CEO since 2015 will step down in March; IFA cites economic impact of pandemic
Nov. 19, 2020
By William Ehart
In yet another manifestation of the havoc the COVID-19 pandemic is wreaking on certain industries and associations, the International Franchise Association announced Thursday afternoon that highly regarded CEO Robert Cresanti would leave when his contract expires on March 31.
Further, following Cresanti's departure, IFA will go without a CEO for “the foreseeable future,” the board said in a statement. Instead certain executive board members will carry on management of the group.
“The (pandemic) has caused severe economic consequences for many sectors of the franchise business model, from restaurants and hotels to hair salons and health and fitness clubs and many others,” the IFA statement said.
“According to FRANdata, more than 1.4 million franchise jobs were lost, and more than 32,000 franchise businesses have closed,” it said.
Cresanti’s latest reported take-home pay was $871,938; IFA revenue was $18 million in the year ending Oct. 31, 2018.
In the announcement, Cresanti said the association “had to take painful” measures.
“I am proud of the many advocacy-related accomplishments at IFA during my tenure, notably ensuring franchises were maximally eligible for financial relief in the CARES Act, reversing the harmful joint employer rule and enacting tax reform that saved franchise owners billions of dollars,” Cresanti said in a statement.
“Furthermore, IFA hosted its largest-ever Convention earlier this year and our member engagement is higher than ever. Even as the association had to take painful but important steps to streamline the association and ensure its financial viability during the pandemic, the mission to protect, promote and enhance the franchise business model continues to be achieved,” he said. “The IFA staff is unmatched and has delivered for our members throughout this incredibly challenging time.”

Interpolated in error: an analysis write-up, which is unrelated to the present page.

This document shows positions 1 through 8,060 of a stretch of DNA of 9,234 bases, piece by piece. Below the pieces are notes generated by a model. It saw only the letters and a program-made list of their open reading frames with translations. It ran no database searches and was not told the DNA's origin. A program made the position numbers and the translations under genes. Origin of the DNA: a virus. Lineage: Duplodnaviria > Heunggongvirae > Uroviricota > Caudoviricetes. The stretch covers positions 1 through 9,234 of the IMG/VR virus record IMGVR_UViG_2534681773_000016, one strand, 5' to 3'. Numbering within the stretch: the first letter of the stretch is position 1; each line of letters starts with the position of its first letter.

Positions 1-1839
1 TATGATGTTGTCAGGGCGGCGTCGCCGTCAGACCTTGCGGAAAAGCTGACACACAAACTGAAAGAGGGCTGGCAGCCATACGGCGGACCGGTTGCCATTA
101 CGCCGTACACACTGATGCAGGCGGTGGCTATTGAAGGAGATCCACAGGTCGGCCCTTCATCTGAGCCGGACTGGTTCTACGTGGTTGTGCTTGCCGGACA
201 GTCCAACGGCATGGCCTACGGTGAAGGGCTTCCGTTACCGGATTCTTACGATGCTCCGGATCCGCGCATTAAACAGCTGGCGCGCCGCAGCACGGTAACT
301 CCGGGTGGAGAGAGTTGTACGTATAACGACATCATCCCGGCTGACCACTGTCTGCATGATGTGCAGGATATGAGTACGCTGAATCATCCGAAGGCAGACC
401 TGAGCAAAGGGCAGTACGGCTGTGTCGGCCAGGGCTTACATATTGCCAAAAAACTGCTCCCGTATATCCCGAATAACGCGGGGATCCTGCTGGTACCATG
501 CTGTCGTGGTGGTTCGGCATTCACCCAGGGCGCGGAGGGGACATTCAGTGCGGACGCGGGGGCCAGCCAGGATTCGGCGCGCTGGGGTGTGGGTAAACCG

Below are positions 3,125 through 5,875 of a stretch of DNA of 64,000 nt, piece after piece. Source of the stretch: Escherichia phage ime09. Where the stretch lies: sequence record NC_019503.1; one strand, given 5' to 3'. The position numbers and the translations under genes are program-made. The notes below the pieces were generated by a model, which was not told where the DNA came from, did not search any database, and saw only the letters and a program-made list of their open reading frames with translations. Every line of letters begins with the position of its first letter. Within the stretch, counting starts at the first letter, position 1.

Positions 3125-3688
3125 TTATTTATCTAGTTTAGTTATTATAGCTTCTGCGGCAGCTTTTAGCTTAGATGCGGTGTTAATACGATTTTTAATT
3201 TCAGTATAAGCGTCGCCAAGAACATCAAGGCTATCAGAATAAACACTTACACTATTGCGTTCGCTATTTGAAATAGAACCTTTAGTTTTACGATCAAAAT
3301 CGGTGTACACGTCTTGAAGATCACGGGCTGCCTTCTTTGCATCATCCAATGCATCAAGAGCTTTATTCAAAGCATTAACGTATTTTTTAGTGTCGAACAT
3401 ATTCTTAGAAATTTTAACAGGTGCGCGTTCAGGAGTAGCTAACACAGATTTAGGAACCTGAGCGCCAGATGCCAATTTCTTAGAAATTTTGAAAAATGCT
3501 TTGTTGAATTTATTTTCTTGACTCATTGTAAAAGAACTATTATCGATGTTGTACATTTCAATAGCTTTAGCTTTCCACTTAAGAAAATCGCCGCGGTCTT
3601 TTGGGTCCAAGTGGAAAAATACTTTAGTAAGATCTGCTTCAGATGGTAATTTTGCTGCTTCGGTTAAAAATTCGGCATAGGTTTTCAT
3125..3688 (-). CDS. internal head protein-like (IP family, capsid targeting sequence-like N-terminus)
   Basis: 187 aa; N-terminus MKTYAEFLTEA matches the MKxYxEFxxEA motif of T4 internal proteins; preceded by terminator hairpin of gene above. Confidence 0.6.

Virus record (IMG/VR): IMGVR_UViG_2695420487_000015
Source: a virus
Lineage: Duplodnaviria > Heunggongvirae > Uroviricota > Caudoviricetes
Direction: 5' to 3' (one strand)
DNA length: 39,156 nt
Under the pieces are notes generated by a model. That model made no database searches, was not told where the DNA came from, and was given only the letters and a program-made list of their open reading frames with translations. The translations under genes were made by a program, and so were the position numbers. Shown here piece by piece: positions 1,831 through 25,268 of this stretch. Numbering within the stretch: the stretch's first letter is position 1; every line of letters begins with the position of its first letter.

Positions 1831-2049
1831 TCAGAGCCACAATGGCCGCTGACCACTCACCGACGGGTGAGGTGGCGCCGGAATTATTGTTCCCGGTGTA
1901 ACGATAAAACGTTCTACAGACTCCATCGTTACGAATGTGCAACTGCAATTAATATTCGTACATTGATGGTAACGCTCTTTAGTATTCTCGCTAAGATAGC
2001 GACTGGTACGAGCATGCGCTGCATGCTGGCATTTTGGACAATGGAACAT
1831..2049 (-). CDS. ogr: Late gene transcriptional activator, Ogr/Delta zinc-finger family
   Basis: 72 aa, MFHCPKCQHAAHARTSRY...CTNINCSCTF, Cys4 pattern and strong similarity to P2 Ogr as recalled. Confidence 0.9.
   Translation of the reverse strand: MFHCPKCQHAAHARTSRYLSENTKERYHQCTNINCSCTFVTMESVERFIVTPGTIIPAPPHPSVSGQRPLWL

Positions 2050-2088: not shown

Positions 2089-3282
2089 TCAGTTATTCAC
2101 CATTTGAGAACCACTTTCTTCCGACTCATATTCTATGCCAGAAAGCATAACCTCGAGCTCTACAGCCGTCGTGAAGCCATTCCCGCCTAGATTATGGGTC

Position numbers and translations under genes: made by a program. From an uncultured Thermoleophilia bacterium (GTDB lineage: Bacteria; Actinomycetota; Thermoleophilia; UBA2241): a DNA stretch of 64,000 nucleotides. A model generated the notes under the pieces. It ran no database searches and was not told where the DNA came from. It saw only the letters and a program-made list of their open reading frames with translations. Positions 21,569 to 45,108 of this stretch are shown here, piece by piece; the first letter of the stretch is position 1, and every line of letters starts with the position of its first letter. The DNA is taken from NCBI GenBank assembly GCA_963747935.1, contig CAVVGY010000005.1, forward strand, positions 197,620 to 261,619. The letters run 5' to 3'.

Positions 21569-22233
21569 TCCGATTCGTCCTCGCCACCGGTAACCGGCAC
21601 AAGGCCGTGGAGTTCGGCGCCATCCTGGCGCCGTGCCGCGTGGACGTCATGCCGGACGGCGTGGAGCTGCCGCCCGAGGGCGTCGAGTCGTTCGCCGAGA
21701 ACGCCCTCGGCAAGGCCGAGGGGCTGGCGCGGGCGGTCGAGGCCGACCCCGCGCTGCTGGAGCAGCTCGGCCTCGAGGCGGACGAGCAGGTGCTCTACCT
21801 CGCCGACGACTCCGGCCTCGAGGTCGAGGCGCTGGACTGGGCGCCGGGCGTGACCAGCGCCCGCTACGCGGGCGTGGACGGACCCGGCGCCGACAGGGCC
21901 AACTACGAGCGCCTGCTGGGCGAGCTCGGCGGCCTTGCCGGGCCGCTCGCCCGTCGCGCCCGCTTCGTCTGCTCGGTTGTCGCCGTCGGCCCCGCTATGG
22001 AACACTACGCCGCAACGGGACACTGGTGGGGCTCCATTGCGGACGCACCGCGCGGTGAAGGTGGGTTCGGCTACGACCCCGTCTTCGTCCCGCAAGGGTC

In a letter to the board, Cresanti said that “after much consideration and consultation” he has decided to seek new opportunities in 2021.
“There have been difficult, heart-wrenching cuts required to align our resources appropriately in the wake of the pandemic,” he wrote. “These difficulties will continue with a smaller IFA, but there is now light at the end of the tunnel.”
Cresanti joined IFA as its chief lobbyist in 2014 and was promoted to CEO in 2015.
Board members praised Cresanti’s leadership in the statement.
“I want to express my thanks to Robert for his strong record of disciplined policy and financial leadership of the IFA,” said board chair Catherine Monson, CEO of FASTSIGNS International.
“Under Robert’s direction, IFA has marked key legislative and regulatory victories from tax reform to labor law challenges. As CEO, he more than doubled our reserves while growing revenue each year and significantly lowering the overall expenses of the association.
“Robert changed an organizationally challenged association into a modern, financially responsible and technologically current business. He leaves an extraordinarily talented and strong leadership staff at the helm,” Monson said.